March 21st, 2006

good mris pic


I am violently allergic to birch trees. Good thing I live in Minnesota, huh? Umm.

I am not allergic to timprov, thankfully (markgritter and T's dad are both allergic to timothy, so we've joked about it), and I am only mildly allergic to dogs, which means not much if at all to poodles. Dust mites strongly (and we have stuff to do about that), and oaks mildly. Not mistletoe, though, so anyone who suspected I might be Baldr...uhh, right. Anyway. The backyard is oaks and birch and a few poplars, but the allergist says it doesn't matter if we tear them out, because this is Minnesota, and other people have them in quantity. So.

The allergist suspects that I have atypical allergic reactions that might explain both the dysosmia and the fatigue, but we will have to see if the treatment of them works. I'll check in with him again in a month. He was also wry and funny on the subject of Minnesotans and stoicism/health care.

I have more to say today, but I know some of you were waiting on news here.
good mris pic

An Open Letter to My Ex-Science Fiction Bookstore Clerk

Dear Will,

I miss you so much.

I won't lie and say that you're the only bookstore clerk who's ever meant anything to me. Todd at Merchant of Venus was such a dear when I won the Asimov Award -- "I heard it was a local kid, but I didn't know it was you! I'm so glad!" -- and coming home to Minneapolis to find Scott Imes had died in our absence was very upsetting. (Not nearly so much as it was to people who knew him well, I'm sure.) The others at The Other Change, the Nice Distracted Man and the Girl Who Probably Would Have Been Our Friend If We'd Known Her and all of them, they were fine enough.

But, Will, you were our bookstore clerk. We made our trips to The Other Change based on when you would be there -- several times we aborted-mission on realizing that it was not a day you worked, and got on BART two days later instead. Before we knew your name, you were our Nice Mean Man. I loved how you greeted me with, "How's my favorite up-and-coming SF author?" and tried to get everyone to buy the Analog I was in when I was in the store that summer. I loved how you harangued people who bought crap. I loved how you knew exactly how hard you could push a hand-sell and when to let up because we really, really had no more money. You were one of the first older guys who could let me know that you thought I was cute as a button without having any particular designs on my person, and that was very nice, too.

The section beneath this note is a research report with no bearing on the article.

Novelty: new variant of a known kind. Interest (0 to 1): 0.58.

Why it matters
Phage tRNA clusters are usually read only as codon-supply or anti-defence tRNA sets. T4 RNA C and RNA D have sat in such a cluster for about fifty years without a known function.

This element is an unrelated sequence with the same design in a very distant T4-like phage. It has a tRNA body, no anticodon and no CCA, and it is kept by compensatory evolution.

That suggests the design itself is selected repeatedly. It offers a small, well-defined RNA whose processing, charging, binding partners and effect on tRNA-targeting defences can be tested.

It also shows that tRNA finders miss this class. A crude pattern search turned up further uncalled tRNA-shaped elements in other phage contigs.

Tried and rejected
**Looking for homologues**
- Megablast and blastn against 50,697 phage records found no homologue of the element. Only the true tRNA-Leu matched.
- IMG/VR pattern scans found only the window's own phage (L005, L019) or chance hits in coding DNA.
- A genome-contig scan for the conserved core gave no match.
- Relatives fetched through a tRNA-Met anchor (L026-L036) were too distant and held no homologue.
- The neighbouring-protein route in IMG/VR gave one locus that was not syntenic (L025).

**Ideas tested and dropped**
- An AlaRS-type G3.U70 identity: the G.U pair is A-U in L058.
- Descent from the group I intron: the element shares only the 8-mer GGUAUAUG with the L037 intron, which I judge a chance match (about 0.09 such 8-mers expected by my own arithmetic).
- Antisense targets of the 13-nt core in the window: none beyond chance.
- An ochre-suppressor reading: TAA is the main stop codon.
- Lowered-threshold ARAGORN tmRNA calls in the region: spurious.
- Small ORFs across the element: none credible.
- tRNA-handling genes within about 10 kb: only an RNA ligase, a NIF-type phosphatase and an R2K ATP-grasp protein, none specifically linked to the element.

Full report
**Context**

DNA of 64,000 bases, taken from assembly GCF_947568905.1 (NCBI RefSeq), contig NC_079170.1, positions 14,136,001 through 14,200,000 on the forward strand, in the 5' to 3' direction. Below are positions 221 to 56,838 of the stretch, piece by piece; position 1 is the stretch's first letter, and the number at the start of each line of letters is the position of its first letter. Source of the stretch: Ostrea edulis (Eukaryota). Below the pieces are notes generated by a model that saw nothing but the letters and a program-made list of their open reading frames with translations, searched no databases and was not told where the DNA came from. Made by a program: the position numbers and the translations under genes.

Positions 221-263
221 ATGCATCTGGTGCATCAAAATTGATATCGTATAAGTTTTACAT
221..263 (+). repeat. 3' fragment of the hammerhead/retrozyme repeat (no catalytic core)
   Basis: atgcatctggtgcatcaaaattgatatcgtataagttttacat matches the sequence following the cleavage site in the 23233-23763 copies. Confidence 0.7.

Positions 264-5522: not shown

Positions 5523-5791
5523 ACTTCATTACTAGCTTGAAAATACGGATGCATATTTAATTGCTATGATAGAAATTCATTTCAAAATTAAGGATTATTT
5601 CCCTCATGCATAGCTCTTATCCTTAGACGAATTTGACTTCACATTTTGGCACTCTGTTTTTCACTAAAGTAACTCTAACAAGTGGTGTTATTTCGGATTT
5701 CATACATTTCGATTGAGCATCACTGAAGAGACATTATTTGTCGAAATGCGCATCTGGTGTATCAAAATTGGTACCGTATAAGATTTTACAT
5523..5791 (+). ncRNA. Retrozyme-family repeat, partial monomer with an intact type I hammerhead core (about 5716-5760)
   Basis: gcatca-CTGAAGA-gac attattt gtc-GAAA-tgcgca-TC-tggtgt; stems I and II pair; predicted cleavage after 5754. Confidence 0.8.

I don't know much of how you were to other people. One of the last times we were in there, you were beating yourself up for being a terrible excuse for a sweetheart, and maybe you were. Maybe you weren't a model employee, either -- I'm not sure most store owners want people trying to talk their customers out of purchases with phrases like "bigoted homophobic tripe" and "absolute shit." But as our bookstore clerk, you were the best.

timprov makes fun of me for having relationships with people, for knowing Rosie and Paul at Byerly's, for knowing when to go to get an oil change when Eric will be there. But he wanted to go to the Other Change when you were there, too, and that definitely counts for something.

My hindbrain is convinced that comic stores are bound by neither space nor time, so I have to stop myself from going into our local comic stores to see alecaustin when he worked in a comic store. I have the urge every time I get bagels down the street from it. I know SF bookstores don't work that way. Still, I had a twinge today when I went into Uncle Hugo's.

Uncle Hugo's is my archetype of a science fiction bookstore. I love the place. I go out of my way to give them my money. And I don't want Don to try to become less nice to be more like you, Will, and I don't want Jamie (if he still works there) to become differently not-nice to be more like you. Because what I miss is you. You were pretty down the last few times I saw you, and then you didn't work there the last couple of times we went, and we moved, and now I don't know where I'd even start to find you. I'd like to know that you're putting books into someone's hands somewhere, and I'd really like to know you're okay.